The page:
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When a Stranger Gave a 'Pity Gift' to My Son With a Disability

My son and I went to Chuck E. Cheese a few weekends ago. We don’t go often, and it’s an enormous treat when we do. This particular time, my daughter (who is six years older than my son) was at a sleepover, and I promised Luca we would go to see “Chucks” as Luca calls him while Sissy was away.

We usually go as soon as they open the doors. It is easier for my son to maneuver his wheelchair around when 50 other people aren’t in there surrounding him. But I didn’t drop Lillian off until close to 4 p.m. on a Saturday so away we went to a crowded Chuck E. Cheese.

Luca is 5, so he doesn’t care nor understand the concept of tickets equal prizes. He wants to play, eat pizza, and play some more. If he gets tickets, awesome; if not, he couldn’t care less. He is playing his heart out.

Something different happened this time.

We had arrived and were making our way through when a mom and child began staring. No, this isn’t the different part. People stare all the time at Luca. You don’t see children in wheelchairs all the time. I get it. We ignore it and go about our way.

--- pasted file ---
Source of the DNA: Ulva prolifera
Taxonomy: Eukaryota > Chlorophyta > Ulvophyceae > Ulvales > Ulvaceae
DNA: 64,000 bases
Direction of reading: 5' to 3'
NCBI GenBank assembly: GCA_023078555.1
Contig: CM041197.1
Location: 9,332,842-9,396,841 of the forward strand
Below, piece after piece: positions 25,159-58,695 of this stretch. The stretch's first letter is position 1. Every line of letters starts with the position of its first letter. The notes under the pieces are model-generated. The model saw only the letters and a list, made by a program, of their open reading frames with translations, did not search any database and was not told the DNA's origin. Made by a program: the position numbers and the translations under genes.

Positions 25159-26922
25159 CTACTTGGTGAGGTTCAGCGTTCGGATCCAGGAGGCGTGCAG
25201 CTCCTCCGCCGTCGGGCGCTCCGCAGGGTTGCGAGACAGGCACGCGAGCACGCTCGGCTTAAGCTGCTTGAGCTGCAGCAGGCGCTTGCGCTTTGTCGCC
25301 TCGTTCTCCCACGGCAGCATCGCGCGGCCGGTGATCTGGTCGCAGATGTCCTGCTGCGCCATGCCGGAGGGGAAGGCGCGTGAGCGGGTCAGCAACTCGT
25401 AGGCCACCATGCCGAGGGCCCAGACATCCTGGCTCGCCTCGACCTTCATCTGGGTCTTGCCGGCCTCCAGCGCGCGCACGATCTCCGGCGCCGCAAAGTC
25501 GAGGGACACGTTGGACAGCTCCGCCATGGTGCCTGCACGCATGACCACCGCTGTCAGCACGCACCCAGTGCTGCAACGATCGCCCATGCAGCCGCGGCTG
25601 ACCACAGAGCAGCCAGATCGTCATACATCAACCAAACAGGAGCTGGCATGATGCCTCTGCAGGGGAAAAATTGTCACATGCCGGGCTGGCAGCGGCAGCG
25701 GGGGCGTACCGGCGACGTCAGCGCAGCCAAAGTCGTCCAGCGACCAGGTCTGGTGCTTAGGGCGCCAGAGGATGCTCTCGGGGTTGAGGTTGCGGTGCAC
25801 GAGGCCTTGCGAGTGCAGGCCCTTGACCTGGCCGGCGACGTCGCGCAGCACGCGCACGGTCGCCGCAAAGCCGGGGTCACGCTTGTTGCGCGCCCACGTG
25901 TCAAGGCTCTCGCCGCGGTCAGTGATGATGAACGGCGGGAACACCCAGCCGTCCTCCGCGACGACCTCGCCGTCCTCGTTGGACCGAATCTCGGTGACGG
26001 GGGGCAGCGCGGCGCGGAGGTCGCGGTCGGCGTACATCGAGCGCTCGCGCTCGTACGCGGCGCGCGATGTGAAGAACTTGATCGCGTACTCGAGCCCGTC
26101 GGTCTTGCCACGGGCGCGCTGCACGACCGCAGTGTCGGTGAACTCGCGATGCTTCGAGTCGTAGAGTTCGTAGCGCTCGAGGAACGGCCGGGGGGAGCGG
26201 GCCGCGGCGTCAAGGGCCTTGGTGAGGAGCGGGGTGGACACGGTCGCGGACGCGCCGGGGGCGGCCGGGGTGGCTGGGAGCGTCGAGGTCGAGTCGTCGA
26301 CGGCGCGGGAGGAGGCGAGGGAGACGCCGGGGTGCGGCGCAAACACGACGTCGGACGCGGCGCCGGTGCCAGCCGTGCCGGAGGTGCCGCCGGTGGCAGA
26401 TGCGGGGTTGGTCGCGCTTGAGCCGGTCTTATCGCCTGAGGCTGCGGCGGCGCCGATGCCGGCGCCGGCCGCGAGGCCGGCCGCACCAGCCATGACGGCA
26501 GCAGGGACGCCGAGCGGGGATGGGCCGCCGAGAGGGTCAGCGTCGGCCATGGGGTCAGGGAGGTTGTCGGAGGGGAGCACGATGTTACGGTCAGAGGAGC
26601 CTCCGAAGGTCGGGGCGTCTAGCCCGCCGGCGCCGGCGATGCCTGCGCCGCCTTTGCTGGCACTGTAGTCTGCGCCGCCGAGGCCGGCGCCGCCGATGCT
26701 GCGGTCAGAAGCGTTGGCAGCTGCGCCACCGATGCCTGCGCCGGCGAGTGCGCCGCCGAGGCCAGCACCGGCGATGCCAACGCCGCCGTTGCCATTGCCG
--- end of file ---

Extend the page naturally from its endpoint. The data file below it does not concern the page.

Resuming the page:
However, this duo did not stop staring. Then they chatted for a second about something and began to walk over. I am always ready to answer questions about Luca or listen to their statements or whatever they wish to discuss. I have heard all kinds of things.

Instead of questioning Luca’s abilities or telling me some cliche uplifting phrases, they wanted to give Luca a toy ball the child had won.

A Pity Ball.

The ball was being given to him because he is disabled. They were giving him a toy because they felt sorry for him.

I politely declined, but they insisted. So I lied. I told the mother Luca was allergic to the material the ball is made of, and that ended the conversation.

I want to point out that I understand it was a thoughtful gesture, and they meant no ill-will, but if I allowed this gift to be given, I would set a precedent.

I didn’t want Luca to accept the ball. He shouldn’t receive hand-outs just because he has a disability. I do not want him to think that he is entitled to things because of his disability. He can earn a ball — or anything else he wants to for that matter.

No one should feel sorry for him. There are days his disability wins, but we never let it consume us.

Luca is an active 5-year-old who participates in adaptive sports, attends kindergarten, and works very hard to accomplish things. He can do anything else another child can do — period.